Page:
The Transit Investment Panel: The Transit We Need

The provincial Transit Investment Panel has published the second of three discussion papers in advance of public meetings slated to start next week.  The paper is entitled “The Transit We Need” and it addresses filtering criteria by which possible transit projects should be judged.

This paper is odd on a few counts.  First off, it covers similar territory to the first “Hard Truths” paper by talking about meaningful criteria for inclusion of projects in competition for funding.  Second, it does not include specific proposals for alternatives to The Big Move, even though such a proposal was mooted by the panel’s Vice Chair Paul Bedford at a recent public presentation at UofT and obliquely mentioned in a Globe and Mail commentary (only available online).

The idea of a regional relief line that would connect several of the existing and proposed Metrolinx projects in a single line linking municipalities from Mississauga to Markham via downtown Toronto is worthy of exploration. Indeed, Metrolinx is in the midst of studying regional relief strategies right now. This would not constitute a re-mapping of the Big Move, but rather a strategic modification to better accommodate current and anticipated growth.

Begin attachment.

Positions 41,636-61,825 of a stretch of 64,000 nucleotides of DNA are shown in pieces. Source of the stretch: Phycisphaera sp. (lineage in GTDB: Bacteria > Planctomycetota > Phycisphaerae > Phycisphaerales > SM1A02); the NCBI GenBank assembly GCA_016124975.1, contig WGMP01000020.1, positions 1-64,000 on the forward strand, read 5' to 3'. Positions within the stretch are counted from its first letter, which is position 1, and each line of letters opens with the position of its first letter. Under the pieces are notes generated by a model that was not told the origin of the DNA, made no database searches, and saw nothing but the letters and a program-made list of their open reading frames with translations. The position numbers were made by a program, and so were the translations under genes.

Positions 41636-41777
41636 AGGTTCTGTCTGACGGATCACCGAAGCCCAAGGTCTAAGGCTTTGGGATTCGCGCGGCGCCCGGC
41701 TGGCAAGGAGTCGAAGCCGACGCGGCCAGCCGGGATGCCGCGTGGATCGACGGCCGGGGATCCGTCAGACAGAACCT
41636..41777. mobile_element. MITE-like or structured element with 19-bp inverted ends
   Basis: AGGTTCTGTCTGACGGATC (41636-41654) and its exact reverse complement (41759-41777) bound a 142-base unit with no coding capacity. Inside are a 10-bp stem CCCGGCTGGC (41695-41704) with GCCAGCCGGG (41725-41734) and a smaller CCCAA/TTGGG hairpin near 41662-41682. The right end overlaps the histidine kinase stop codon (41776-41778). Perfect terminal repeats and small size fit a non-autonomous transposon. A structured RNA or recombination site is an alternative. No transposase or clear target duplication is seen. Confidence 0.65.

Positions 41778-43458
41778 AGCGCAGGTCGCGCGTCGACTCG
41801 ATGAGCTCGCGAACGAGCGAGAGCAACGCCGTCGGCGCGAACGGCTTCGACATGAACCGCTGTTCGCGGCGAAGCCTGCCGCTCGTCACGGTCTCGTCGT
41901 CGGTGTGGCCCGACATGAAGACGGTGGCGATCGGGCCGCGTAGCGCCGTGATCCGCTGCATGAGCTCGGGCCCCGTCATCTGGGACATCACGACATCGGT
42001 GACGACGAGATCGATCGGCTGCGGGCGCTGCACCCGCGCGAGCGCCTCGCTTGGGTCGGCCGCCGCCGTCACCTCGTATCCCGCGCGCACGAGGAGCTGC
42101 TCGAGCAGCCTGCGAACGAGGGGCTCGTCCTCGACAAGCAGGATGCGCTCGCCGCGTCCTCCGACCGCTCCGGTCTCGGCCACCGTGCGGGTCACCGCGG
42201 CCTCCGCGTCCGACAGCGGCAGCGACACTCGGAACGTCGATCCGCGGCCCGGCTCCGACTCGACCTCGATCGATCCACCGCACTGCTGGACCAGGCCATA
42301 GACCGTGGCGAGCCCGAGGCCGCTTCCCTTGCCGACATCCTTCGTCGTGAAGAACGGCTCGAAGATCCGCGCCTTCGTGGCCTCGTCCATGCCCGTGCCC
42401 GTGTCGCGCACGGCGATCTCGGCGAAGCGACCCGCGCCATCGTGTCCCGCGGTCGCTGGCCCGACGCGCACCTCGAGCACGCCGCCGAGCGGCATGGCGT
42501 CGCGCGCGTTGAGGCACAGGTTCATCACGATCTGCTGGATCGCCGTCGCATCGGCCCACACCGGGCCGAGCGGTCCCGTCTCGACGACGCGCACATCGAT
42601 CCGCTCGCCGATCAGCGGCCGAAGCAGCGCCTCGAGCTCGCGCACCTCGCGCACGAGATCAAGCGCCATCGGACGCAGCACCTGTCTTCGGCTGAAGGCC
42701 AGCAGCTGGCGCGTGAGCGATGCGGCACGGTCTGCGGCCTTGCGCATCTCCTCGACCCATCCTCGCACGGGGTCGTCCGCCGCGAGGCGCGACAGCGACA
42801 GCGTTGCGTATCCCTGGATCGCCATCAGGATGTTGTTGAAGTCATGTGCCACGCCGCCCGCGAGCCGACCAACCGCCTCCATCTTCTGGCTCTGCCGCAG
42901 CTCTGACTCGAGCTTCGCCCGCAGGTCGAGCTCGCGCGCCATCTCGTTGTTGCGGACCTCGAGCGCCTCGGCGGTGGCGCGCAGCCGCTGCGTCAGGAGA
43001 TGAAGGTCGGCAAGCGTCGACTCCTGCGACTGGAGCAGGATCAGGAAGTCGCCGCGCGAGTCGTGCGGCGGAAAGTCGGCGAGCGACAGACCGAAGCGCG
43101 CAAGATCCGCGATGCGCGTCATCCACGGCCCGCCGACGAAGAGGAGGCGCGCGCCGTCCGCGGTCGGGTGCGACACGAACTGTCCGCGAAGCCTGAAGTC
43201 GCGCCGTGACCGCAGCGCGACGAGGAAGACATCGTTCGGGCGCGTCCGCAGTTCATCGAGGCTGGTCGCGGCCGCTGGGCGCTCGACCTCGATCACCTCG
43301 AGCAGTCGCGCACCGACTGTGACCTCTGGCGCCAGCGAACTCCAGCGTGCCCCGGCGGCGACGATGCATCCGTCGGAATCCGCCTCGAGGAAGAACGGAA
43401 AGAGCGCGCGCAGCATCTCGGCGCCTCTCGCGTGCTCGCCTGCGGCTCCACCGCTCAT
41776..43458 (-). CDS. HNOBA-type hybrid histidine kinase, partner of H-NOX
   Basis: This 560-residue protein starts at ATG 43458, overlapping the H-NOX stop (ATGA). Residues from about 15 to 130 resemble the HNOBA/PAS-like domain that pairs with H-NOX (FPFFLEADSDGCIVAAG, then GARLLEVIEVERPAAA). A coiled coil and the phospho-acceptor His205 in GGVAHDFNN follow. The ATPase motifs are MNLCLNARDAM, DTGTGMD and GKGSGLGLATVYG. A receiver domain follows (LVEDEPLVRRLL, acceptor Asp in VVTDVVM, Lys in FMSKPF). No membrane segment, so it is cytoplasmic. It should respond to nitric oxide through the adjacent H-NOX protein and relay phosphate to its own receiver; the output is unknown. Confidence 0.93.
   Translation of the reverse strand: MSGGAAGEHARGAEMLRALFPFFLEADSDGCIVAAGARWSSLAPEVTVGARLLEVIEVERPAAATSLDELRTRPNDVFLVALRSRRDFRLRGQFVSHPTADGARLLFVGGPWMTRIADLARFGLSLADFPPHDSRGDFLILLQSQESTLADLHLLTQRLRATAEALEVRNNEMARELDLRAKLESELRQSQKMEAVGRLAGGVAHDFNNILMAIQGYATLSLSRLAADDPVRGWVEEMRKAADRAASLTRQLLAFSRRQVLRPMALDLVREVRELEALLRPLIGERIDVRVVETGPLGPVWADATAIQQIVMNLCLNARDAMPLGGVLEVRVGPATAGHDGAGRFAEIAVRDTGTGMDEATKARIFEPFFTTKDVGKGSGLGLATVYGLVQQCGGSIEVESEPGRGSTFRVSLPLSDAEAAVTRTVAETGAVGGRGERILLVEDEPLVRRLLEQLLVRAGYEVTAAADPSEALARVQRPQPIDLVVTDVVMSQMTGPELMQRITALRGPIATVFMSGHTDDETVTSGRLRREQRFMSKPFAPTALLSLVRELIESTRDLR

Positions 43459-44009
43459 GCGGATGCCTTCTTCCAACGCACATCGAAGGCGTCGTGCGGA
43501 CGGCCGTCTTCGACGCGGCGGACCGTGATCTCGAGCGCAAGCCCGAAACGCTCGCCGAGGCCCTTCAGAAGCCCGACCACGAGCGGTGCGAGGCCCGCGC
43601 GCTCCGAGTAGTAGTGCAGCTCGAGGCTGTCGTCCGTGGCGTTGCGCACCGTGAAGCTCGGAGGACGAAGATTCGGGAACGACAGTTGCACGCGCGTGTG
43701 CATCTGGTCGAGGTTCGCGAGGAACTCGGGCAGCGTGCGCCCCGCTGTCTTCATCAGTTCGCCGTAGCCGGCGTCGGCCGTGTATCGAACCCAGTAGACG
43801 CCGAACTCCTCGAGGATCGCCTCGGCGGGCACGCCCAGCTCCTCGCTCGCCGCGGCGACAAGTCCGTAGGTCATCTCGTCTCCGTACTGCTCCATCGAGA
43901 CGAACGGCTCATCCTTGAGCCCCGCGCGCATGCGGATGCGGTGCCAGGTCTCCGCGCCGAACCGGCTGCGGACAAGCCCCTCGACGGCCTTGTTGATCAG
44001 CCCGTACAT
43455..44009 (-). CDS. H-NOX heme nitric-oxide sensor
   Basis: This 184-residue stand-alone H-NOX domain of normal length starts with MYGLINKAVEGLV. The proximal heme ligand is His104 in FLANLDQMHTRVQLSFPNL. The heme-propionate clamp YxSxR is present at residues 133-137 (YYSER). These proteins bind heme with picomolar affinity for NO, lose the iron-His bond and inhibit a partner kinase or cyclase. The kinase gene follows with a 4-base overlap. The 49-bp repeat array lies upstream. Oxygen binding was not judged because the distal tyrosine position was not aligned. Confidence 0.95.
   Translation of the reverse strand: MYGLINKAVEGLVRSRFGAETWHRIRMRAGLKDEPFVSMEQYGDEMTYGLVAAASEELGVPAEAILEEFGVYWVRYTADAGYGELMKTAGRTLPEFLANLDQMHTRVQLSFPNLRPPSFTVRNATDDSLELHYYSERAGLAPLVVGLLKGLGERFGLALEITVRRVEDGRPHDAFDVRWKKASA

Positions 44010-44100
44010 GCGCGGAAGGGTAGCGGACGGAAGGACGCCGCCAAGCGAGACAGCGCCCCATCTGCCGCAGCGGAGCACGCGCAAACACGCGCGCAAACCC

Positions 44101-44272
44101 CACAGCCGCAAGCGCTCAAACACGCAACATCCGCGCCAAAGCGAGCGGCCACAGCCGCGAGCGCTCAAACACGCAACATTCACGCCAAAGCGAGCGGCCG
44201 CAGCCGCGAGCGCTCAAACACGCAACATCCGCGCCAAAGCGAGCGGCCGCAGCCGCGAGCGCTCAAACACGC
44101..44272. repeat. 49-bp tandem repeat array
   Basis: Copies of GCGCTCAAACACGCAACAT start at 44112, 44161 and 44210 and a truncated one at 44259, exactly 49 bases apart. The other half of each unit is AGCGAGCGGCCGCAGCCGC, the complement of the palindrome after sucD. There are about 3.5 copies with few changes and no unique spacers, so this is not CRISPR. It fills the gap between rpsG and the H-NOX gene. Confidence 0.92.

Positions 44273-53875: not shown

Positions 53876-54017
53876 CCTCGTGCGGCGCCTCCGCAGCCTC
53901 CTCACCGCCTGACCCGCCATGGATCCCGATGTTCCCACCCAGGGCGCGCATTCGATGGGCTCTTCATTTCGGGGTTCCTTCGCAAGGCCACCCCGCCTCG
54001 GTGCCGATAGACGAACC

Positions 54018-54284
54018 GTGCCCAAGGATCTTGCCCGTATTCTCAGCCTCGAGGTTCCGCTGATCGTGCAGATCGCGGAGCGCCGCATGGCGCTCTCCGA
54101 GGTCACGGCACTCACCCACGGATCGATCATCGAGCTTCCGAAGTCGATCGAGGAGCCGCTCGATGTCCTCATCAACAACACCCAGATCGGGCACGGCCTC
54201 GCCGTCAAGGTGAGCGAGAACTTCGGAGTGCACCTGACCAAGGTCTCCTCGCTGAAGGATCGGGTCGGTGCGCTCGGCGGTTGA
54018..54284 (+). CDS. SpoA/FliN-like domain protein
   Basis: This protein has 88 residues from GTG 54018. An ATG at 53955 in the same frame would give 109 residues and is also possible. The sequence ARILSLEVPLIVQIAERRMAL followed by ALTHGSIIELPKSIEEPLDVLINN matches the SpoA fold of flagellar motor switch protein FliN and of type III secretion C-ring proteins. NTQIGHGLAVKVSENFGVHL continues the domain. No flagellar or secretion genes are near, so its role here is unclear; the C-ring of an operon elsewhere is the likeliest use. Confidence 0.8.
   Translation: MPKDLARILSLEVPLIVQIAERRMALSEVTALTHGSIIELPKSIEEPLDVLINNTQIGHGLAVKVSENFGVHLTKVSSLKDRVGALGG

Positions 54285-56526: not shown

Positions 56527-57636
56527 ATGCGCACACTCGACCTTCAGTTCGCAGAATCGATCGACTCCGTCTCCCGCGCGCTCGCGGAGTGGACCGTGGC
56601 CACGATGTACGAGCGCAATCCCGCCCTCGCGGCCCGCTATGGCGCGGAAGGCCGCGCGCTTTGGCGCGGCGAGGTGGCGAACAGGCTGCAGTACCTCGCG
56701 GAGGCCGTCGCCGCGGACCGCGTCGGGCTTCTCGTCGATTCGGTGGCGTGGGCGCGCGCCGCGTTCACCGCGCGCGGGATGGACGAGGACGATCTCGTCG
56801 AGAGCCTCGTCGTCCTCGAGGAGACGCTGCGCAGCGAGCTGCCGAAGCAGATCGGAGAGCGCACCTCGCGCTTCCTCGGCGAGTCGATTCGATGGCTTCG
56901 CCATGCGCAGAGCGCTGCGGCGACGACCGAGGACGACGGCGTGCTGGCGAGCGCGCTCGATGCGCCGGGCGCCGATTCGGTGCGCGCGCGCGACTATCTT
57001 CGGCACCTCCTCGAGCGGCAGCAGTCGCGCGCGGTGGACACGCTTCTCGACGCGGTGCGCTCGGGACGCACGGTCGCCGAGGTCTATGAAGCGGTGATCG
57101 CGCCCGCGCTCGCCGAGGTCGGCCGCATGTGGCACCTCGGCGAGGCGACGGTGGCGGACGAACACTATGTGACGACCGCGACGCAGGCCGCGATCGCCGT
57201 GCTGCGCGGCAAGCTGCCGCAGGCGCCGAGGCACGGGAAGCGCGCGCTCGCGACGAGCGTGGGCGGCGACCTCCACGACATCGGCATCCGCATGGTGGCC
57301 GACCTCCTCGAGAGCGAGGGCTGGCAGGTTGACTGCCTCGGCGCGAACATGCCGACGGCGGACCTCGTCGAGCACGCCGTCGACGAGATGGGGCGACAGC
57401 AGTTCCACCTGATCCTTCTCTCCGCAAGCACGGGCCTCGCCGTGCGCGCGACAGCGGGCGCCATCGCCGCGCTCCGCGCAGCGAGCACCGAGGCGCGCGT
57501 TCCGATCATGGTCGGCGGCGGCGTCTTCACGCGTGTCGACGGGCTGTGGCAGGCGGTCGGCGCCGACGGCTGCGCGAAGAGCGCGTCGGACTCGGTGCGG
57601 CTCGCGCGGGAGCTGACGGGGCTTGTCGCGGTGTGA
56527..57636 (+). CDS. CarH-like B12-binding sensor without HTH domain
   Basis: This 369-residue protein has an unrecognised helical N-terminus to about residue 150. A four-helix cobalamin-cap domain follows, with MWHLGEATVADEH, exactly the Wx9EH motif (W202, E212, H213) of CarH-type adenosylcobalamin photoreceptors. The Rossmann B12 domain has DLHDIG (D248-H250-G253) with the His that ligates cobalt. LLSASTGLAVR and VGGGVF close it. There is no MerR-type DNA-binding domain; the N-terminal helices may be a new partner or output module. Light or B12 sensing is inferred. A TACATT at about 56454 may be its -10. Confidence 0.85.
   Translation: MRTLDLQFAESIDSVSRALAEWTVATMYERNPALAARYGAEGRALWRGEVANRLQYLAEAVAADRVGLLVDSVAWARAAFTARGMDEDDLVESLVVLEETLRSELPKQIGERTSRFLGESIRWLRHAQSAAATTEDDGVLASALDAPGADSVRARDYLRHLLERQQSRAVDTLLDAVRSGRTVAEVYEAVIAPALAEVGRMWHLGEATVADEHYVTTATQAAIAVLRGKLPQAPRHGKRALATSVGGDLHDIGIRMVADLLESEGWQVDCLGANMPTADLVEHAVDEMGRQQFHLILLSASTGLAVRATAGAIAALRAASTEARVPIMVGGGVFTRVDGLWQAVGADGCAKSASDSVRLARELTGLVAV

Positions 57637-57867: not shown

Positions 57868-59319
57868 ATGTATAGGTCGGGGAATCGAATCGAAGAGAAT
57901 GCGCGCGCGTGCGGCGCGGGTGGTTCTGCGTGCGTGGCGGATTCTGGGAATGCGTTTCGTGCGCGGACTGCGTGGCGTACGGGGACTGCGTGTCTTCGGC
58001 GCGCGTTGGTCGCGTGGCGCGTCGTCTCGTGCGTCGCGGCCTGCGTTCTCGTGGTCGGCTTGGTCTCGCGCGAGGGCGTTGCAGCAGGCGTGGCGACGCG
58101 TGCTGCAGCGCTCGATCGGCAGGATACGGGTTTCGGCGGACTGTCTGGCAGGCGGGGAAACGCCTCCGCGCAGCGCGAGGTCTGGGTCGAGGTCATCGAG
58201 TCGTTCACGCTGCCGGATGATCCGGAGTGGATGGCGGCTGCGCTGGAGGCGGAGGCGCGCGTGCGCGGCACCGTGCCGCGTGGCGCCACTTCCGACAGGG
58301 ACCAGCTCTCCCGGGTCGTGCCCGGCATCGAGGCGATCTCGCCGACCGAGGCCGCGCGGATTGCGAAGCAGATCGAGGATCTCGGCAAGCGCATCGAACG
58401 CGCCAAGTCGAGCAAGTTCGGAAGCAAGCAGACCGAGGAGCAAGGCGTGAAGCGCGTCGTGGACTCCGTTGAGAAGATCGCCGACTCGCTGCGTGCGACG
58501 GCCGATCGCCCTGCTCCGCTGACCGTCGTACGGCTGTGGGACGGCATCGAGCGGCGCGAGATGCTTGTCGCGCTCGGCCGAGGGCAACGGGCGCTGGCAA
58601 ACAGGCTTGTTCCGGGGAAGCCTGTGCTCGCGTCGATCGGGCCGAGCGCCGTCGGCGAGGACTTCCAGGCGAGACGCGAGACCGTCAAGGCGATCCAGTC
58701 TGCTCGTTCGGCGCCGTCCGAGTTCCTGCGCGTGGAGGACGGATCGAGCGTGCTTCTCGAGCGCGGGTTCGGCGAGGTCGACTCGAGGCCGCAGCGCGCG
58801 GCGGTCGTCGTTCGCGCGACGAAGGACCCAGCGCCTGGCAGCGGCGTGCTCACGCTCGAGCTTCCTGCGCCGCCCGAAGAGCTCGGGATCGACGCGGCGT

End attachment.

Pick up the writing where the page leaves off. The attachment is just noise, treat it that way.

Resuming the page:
There is a fascination recently with advocacy for anything that might remove the need to build the Downtown Relief Line (or Don Mills Subway, or whatever we might call it), and the “Big U”, as Bedford calls it, is politically attractive because it goes out into the 905.  There is even a possibility at some distant future date that counter-peak flow to job centres in the 905 would add to the value of such a line provided that there is any local transit service to act as a distributor.

This does not eliminate the need for more local capacity into the core area especially if fare structures leave 905 residents clamouring for a subway to give them a cheap, frequent ride into downtown and riders from the 416 be damned.

The panel proposes a number of filters by which new lines would be evaluated, but gives no indication of the relative priority of these filters, or any relationship between the capital (and future operating) cost of a line versus the effect it might have (or not have) under these criteria.  This is rather like someone saying that we will cut taxes through “elimination of waste” without bothering to define the term or explaining how to find it.

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